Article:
Coffee Culture

Coffee culture is a set of social traditions and behaviors that surround coffee consumption, especially as a social lubricant. The term also refers to the cultural dissemination and adoption of coffee as a widely consumed incentive. At the end of the twentieth century, espresso became an increasingly dominant beverage, contributing to the cultivation of coffee, especially in the Western world and other urbanized centers around the world.

The culture around coffee and coffee shops dates back to 16th century Turkey. Cafes in Western Europe and the Eastern Mediterranean were not only social centers but also artistic and intellectual centers. Les Deux Magots in Paris, now a popular tourist attraction, was once associated with intellectuals Jean-Paul Sartre and Simone de Beauvoir. At the end of the 17th and 18th centuries, cafes in London became popular meeting places for artists, writers, and socialites, as well as centers for political and commercial activities. In the 19th century, a special café culture developed in Vienna, the Viennese café, which later spread throughout Central Europe.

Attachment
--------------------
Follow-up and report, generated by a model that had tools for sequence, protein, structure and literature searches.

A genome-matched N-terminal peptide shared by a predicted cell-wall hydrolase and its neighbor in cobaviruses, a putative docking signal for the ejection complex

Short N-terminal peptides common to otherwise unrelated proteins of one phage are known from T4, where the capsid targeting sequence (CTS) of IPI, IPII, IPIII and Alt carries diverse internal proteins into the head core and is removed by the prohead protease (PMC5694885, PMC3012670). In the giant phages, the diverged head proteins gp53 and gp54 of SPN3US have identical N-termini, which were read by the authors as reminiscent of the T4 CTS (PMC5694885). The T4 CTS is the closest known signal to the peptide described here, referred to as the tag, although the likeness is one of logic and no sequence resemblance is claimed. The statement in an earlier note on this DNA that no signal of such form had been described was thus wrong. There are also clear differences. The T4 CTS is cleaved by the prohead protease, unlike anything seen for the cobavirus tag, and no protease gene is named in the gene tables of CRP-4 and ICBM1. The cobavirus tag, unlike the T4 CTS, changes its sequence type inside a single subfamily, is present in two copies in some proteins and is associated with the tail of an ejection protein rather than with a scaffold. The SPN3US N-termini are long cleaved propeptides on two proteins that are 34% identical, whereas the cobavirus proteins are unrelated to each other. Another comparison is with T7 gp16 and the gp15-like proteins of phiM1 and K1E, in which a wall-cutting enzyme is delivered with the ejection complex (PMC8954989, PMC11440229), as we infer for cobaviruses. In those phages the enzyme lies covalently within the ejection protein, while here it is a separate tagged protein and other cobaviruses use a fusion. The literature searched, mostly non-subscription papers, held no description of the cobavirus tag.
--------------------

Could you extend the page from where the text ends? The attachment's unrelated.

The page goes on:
The elements of modern cafés include a slow-paced gourmet service, alternative brewing techniques, and a welcoming décor.

In the United States, coffee cultivation is often used to describe the ubiquitous presence of espresso stands and cafes in metropolitan areas, along with the spread of massive, international franchises such as Starbucks. Many cafes offer free wireless internet access for guests, encouraging business or personal work in these locations. Coffee culture varies by country, state, and city. For example, the power of coffee-style coffee culture in Australia explains the negative impact of Starbucks on the continent.